What We Saw At Dr Peter Ridd’s Court Case

Written by:
28 March 2019

Dr Peter Ridd’s fight for freedom of speech on climate change has reached the Federal Circuit Court in Brisbane this week, and Gideon Rozner has been our man on the ground telling you exactly what has been happening. Click below for the day 2 recap:

Today is day 3 and the recap will be uploaded tonight – you can click here to sign up for regular updates from the IPA about Peter’s case against James Cook University. Follow Gideon’s live-tweeting of the case here.

Bill Shorten has declared the next federal election a referendum on wages. How about a referendum on taxes? The Reserve Bank said on Tuesday that in 2018 household taxes increased by twice as much as household incomes:

The IPA’s Kurt Wallace wrote in The Australian on Friday that “any attempt to improve wages must include lowering taxes, which in practice means reducing government spending” and cutting red tape.

“This entire thing has been for two years nothing more than an attempt to destroy Trump and undermine the will of the American people as expressed in 2016.” That was Andrew Bushnell’s response on the IPA’s Looking Forward Podcast to the Mueller probe into Russian collusion which found no evidence of Trump committing a criminal offence.

In National Review on Tuesday, Victor Davis Hanson accused the investigation of turning the idea of American jurisprudence into a version of the Soviet’s “show me the man and I’ll show you the crime.

The week was even better for Republicans when they finally got some real dirt on Democrat Beto O’Rourke – until he ate it. The Washington Examiner reported that the 2020 presidential candidate ate dirt in New Mexico because it has “regenerative powers“.

If you want to know more about “Why the words of Western Civilisation must endure“, tickets are still available for Mark Bauerlein’s exciting tour of Australia next month. You can book tickets for events in Melbourne, Brisbane, and Sydney here:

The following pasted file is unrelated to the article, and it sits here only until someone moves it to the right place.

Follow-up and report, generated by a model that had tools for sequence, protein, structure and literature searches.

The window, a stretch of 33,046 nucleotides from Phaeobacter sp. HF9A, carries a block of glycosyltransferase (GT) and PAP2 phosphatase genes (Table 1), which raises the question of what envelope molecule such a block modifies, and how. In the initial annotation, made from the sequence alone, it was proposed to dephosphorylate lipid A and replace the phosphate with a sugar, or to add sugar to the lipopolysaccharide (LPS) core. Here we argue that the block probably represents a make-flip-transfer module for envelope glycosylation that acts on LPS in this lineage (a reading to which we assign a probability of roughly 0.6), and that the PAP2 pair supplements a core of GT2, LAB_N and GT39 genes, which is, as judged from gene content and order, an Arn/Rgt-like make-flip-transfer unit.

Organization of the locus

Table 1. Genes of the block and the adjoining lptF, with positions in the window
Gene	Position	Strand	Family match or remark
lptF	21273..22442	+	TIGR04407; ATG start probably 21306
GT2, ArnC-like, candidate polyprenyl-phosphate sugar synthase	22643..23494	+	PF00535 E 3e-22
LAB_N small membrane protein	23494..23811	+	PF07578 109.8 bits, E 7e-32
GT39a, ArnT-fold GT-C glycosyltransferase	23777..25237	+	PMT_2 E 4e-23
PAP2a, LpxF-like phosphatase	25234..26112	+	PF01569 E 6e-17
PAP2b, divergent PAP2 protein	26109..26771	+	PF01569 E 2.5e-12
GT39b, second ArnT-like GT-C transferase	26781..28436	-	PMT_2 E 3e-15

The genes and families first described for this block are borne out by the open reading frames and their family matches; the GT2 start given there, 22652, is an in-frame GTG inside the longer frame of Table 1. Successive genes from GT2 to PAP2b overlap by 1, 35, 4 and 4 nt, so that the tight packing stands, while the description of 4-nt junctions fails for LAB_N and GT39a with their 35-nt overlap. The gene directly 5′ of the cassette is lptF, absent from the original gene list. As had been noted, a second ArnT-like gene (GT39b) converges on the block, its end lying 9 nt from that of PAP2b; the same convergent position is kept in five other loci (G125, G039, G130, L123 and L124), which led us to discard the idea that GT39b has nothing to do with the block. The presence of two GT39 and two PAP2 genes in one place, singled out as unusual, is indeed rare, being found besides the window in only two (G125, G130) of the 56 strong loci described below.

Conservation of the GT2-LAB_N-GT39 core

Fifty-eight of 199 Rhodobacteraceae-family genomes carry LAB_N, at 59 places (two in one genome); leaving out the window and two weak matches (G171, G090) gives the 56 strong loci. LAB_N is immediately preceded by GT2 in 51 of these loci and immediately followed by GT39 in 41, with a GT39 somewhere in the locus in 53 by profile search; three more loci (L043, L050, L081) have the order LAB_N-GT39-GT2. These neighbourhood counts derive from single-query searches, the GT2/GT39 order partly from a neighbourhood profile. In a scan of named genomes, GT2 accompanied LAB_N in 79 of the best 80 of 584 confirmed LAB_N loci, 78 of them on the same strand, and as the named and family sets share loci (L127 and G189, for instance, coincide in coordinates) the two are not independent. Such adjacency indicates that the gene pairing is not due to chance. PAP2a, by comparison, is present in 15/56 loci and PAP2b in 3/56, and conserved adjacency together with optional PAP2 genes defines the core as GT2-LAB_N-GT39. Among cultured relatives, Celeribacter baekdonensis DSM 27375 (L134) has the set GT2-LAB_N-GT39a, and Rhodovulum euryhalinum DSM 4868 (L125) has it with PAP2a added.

Last month we told you about progressive actor Jussie Smollett reporting a hate crime that he allegedly committed against himself. This week the charges against Smollett were dropped after his agreement to forfeit his $10,000 bond to the City of Chicago. Not that we’d ever call into question the integrity of officials in that city

Hear me out, but Q&A is actually worth watching next week. John Roskam will be a panellist on Monday night, and readers in Sydney can apply to be in the audience by clicking here.

And that’s it from me. This is my final edition of Hey… What Did I Miss as I turn my focus to legal rights and other IPA research. It’s been my pleasure to bring you this email since I joined the team in February 2016, and I hope you have enjoyed reading them as much as I have enjoyed writing them. My colleague Kurt Wallace will be joining Pete and James on the Hey team next week.

Article of the week:

The shambolic road to Brexit has effectively ended Theresa May’s leadership of the British Conservative Party. At Standpoint magazine, Michael Mosbacher catalogues the litany of May’s strategic errors that have led to the British government failing to execute the will of the British voters.

IPA Staff Pick:

Each week an IPA staff member shares what they have enjoyed recently. Today: Kurt Wallace

This fascinating piece from Daniel Ajamian at the Mises Institute on Tuesday explores the ramifications of divorcing the concepts of the individual and freedom from revelation and tradition. Ajamian argues that if we want to move towards liberty, we need to regain the solid foundation of Christian morality.

Here’s what else the IPA said this week:

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